I'm asked frequently to formulate homemade diets for dogs and cats with chronic kidney disease. The main reason is that they won't eat their prescription diets. While I'm all for trying a homemade food and some pets (usually dogs) accept them better, these patients are trying to tell us something. Switching foods is ultimately a failing solution to the anorexia thing, unless we address the reasons they won't eat.
Here are the top reasons these patients don't eat:
1. Dehydration, dehydration, dehydration - this is most common and occurs because the kidney cannot conserve body water. Dehydration is uncomfortable!
2. Gastrointestinal ulcers (this is due to elevated gastrin levels, a hormone that increases acid secretion). This will result in nausea, vomiting and pain.
3. Uremia (elevated levels of urea nitrogen, creatinine, phosphorus, parathyroid hormone, etc).
4. Anemia (due to the kidney's inability to produce erythropoietin, a hormone that stimulates the bone marrow to make blood precursors)
5. Hypertension which, in people, can cause headaches and dizziness, among other problems.
6. Infection, especially urinary tract infections to which these animals are more susceptible than normal animals
7. Acidemia - high levels of organic acid that accumulate from the metabolism (and inadequate elimination) of protein.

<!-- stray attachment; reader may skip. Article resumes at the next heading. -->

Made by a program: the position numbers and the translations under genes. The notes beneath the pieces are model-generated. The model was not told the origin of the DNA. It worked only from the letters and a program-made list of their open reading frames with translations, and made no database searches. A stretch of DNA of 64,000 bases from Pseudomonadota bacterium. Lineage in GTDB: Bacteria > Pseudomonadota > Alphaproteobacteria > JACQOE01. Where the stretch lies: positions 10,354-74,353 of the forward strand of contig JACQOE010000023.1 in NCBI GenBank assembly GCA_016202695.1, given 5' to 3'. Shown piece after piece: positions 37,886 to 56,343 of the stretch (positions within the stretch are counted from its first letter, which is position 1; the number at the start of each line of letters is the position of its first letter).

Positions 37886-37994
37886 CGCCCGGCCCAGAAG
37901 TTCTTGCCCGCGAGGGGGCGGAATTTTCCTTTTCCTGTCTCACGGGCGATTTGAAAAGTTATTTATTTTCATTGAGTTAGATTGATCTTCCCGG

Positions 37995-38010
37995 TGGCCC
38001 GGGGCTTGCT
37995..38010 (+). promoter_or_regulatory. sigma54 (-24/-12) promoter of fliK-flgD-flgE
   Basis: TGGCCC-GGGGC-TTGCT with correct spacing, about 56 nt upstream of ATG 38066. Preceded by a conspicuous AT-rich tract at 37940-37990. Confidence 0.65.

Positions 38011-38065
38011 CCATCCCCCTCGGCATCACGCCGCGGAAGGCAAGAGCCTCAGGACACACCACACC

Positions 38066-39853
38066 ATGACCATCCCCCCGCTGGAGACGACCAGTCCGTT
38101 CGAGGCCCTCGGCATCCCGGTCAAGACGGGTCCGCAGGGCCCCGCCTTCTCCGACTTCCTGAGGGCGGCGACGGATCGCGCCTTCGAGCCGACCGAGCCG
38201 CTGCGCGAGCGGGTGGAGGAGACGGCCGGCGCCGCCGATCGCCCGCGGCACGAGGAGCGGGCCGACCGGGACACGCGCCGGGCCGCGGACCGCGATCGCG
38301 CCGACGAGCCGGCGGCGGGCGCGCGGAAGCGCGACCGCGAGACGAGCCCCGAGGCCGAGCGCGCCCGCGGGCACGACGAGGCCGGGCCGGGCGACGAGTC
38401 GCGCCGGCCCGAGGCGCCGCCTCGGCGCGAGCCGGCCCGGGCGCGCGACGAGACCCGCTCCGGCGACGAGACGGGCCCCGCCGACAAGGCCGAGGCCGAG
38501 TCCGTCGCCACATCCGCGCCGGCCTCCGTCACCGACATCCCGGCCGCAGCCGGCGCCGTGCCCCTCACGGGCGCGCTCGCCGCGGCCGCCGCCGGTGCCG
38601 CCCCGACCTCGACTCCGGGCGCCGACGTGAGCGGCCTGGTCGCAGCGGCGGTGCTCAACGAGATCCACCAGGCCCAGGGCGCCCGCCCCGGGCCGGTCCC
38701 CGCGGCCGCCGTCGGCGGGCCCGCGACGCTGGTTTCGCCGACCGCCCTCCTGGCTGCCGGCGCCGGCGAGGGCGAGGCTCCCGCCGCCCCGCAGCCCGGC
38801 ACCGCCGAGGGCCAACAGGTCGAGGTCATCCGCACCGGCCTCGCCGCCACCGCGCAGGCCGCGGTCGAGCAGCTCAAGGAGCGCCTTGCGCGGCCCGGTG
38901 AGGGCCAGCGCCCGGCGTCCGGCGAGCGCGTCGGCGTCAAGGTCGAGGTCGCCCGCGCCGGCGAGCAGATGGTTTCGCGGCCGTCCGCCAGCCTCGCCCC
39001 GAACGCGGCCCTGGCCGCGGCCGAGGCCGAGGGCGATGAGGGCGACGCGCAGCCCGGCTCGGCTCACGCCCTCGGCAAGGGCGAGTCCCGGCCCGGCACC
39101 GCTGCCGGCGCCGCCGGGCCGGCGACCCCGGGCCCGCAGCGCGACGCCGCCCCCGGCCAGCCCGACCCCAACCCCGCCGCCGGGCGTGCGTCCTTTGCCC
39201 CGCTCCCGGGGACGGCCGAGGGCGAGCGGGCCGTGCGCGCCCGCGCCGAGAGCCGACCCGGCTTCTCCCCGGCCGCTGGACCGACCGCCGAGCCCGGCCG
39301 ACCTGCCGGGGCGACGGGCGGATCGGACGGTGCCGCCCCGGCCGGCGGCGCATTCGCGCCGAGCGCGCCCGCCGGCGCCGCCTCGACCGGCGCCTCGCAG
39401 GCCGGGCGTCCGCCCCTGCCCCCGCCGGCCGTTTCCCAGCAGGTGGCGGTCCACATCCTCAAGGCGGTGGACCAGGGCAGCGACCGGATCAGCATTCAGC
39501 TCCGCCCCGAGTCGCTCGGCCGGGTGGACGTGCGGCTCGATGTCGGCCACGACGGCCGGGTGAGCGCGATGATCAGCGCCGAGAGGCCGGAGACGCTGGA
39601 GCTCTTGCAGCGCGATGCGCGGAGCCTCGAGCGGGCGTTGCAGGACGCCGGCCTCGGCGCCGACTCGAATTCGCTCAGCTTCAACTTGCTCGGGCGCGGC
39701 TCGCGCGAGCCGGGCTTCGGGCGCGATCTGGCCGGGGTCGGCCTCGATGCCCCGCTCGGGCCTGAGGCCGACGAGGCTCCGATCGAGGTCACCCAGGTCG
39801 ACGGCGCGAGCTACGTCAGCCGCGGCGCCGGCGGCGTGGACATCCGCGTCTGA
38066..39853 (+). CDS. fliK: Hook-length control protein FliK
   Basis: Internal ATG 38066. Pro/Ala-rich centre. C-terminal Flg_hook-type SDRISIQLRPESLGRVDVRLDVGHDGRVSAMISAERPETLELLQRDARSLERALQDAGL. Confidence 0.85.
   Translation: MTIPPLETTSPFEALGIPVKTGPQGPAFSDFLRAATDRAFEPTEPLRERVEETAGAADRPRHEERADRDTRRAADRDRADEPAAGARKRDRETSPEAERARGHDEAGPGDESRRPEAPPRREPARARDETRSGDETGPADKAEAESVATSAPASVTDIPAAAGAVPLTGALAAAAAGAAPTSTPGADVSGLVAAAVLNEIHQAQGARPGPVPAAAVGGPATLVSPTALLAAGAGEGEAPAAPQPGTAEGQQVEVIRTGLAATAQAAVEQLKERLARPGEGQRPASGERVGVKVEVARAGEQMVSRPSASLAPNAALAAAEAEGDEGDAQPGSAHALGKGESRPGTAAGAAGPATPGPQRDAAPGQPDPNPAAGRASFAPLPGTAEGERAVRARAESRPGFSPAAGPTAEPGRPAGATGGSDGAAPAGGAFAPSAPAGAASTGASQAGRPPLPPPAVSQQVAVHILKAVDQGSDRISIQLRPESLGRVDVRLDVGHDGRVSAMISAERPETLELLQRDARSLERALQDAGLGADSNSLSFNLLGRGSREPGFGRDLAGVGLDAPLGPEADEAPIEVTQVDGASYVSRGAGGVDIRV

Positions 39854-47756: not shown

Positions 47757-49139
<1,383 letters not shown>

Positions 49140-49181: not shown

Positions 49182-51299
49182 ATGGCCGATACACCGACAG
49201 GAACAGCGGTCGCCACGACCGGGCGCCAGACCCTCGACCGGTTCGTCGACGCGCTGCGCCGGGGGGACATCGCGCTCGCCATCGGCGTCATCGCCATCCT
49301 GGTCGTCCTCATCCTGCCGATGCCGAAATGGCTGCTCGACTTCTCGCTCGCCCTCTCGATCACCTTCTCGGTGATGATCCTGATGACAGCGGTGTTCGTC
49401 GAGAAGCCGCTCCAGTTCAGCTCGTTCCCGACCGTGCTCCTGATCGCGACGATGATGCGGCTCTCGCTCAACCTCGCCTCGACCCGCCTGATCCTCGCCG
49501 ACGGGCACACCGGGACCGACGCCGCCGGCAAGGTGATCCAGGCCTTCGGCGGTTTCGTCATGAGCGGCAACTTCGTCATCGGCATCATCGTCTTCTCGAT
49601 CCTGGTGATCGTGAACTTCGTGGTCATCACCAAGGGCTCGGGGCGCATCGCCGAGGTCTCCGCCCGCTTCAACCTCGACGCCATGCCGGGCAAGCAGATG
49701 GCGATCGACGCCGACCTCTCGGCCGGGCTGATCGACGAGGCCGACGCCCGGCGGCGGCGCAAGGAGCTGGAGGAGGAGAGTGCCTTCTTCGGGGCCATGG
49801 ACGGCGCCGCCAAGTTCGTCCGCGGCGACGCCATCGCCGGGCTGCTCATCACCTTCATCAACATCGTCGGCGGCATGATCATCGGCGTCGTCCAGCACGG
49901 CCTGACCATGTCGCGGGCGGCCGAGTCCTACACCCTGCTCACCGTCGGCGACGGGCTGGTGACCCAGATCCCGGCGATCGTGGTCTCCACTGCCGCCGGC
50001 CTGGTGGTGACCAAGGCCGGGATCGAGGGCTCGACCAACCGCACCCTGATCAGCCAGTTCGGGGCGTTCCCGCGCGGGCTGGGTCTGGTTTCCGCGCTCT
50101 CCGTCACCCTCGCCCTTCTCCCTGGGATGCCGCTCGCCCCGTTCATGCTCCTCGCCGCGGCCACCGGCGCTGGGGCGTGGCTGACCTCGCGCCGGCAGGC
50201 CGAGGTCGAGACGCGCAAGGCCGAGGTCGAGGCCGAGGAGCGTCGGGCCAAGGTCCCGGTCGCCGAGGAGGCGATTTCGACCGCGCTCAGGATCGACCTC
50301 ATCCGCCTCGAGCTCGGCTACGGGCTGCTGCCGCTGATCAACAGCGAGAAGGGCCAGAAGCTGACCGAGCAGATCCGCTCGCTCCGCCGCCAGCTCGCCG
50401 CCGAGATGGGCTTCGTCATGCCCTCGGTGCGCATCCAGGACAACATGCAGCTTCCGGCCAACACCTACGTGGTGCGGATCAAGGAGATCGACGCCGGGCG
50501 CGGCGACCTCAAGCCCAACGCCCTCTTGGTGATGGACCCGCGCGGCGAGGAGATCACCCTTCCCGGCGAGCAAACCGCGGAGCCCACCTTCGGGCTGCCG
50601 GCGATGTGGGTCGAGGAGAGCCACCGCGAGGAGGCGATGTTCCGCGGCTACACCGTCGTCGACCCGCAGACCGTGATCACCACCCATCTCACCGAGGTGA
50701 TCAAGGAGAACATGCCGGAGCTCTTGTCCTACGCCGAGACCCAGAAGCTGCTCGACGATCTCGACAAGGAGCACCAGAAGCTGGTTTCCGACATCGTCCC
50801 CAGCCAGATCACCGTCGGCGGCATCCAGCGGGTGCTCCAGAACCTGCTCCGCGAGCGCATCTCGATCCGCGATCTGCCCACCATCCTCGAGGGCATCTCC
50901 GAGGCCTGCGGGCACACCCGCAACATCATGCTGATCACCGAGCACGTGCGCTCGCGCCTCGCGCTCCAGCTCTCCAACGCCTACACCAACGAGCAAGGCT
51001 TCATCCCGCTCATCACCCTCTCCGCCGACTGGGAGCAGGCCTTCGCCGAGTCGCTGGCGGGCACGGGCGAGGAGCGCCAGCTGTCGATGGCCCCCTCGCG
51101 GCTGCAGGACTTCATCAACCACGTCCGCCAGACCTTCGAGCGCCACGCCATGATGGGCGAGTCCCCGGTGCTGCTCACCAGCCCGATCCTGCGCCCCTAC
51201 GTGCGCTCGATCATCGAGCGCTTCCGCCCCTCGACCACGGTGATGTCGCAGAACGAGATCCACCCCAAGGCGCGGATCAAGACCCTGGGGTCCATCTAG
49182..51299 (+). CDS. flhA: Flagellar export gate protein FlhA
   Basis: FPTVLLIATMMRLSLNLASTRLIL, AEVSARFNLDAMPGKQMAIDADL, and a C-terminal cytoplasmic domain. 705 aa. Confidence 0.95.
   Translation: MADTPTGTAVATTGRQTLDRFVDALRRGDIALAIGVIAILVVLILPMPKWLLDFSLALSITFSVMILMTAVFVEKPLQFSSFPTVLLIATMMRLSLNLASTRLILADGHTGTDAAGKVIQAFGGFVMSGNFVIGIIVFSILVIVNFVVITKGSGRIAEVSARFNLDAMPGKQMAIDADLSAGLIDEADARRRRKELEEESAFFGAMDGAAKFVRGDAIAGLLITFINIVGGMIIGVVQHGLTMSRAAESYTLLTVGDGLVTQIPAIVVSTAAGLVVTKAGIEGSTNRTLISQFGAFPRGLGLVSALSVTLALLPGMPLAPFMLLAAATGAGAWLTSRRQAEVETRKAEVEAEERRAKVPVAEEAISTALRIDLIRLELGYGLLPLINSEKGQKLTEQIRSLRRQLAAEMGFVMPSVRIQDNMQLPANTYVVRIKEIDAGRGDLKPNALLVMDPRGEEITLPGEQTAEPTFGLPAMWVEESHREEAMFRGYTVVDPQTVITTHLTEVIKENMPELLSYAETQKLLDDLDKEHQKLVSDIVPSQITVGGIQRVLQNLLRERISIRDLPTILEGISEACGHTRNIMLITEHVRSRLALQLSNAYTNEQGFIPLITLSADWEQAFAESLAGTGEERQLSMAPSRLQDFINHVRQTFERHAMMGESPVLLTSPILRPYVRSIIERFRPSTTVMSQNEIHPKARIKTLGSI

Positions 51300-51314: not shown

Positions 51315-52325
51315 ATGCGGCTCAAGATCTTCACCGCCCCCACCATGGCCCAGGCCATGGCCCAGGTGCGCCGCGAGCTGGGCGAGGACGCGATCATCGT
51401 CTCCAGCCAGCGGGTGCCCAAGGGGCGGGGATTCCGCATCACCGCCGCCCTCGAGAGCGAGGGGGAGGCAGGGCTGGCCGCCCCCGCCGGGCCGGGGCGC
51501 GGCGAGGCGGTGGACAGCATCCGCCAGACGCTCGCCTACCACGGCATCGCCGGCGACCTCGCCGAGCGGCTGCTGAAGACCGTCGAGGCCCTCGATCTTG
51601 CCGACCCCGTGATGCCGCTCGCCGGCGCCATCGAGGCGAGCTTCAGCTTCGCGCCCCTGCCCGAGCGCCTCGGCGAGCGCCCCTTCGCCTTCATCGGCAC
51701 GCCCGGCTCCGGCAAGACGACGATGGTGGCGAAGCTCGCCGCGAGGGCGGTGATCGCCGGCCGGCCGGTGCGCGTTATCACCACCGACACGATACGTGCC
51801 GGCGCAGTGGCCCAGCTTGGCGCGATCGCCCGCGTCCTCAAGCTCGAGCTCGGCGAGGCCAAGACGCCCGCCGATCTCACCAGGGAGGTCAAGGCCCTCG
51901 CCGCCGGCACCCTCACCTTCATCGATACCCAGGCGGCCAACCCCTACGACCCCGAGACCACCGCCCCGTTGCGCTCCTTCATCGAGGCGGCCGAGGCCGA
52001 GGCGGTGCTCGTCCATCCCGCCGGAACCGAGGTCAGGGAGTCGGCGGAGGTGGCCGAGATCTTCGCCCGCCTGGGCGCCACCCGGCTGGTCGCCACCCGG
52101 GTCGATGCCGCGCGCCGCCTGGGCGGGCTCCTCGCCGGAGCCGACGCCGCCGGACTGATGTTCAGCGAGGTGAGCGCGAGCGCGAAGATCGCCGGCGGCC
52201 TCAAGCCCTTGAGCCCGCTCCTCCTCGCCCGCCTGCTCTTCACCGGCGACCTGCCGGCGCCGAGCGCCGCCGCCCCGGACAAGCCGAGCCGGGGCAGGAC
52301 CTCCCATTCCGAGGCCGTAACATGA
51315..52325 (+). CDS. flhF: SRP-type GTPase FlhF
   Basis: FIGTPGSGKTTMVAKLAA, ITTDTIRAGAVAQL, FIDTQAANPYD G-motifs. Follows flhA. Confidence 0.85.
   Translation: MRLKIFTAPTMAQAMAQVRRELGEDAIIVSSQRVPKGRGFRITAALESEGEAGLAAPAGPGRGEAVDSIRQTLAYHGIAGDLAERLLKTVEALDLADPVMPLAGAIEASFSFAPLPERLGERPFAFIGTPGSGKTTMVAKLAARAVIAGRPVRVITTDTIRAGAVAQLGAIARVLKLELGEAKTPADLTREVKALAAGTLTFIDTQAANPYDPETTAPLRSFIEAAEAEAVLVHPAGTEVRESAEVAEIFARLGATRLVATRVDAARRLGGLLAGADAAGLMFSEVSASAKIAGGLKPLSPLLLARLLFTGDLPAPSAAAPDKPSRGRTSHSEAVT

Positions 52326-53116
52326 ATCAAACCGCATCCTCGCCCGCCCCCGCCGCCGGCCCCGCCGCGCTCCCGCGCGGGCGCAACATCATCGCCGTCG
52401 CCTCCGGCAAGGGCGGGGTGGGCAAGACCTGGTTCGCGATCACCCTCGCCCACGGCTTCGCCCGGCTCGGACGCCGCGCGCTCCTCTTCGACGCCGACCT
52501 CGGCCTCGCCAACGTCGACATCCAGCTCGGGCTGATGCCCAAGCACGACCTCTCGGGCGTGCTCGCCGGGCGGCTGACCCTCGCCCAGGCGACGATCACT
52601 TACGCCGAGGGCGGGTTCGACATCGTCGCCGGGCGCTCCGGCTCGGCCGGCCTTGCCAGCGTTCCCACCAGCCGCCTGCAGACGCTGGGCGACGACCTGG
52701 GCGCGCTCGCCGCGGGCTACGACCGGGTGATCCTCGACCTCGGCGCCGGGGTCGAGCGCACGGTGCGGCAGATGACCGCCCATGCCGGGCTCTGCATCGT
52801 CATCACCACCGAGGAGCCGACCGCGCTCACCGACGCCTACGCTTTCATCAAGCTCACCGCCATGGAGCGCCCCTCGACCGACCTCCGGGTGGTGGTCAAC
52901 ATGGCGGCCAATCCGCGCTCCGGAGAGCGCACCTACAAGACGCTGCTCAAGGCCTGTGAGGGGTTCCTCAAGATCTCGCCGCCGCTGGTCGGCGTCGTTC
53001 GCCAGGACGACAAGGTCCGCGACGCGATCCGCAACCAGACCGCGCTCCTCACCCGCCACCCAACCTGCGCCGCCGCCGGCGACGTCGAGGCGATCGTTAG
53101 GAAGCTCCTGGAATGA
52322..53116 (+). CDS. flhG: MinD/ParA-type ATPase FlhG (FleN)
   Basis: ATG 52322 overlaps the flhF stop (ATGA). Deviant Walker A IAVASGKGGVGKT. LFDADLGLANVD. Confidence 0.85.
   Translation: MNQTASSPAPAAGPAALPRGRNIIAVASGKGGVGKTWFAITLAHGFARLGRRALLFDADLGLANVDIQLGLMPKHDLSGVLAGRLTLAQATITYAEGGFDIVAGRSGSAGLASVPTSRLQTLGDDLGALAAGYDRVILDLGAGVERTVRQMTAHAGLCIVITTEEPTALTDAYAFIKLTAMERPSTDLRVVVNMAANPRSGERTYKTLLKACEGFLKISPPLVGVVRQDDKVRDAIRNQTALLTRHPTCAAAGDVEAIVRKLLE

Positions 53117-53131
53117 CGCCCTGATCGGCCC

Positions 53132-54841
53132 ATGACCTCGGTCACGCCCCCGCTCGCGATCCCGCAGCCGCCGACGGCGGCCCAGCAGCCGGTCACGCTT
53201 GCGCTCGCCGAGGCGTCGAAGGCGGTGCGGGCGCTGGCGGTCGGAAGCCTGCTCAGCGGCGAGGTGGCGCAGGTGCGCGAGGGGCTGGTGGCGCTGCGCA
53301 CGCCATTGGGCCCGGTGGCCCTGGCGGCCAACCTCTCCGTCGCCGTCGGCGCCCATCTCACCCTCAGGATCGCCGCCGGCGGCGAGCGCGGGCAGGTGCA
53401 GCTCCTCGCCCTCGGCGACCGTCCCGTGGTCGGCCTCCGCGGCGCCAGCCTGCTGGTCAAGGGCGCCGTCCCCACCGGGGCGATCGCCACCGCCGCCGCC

8. Side effects of drugs (and don't forget herbs and nutraceuticals here either)
9. Other conditions present at the same time - especially pancreatitis
10. Food aversions - usually from offering more and more foods when the pet is feeling nauseous.
So that's a lot to stack against a new diet! I have taken to giving my clients this list as a 'checklist' when the appetite goes south. To address the checklist, we usually need to get blood and urine for a biochemical profile, cbc, urinalysis, and urine culture at least. Checking blood pressures on a regular basis is a good idea too. I'm also a proponent of calcitriol, an 'activated' form of Vitamin D that is deficient in kidney patients. I'm told that it does help some animals have a better appetite - we use this if the calcium and phosphorus levels are normal, and preferably after checking parathyroid hormone levels.
I make sure everyone knows how to check for dehydration, and teach them how to give fluids to correct it. Since we are not using endoscopy to look for ulcers during office visits, we may start long term pepcid at any of these visits just in case they are a factor.
My best pet owners bring me a current written list of all their drugs and supplements at every visit too - this is so that I don't rely on my medical records and possibly misunderstand changes that have gone on at home - people sometimes add things or change doses on their own, or run out of drugs and forget to refill them. That list is a big help to all of us so we can check the most recent regimen and analyze the doses for the potential for side effects.
Check list complete? NOW we can try a new diet!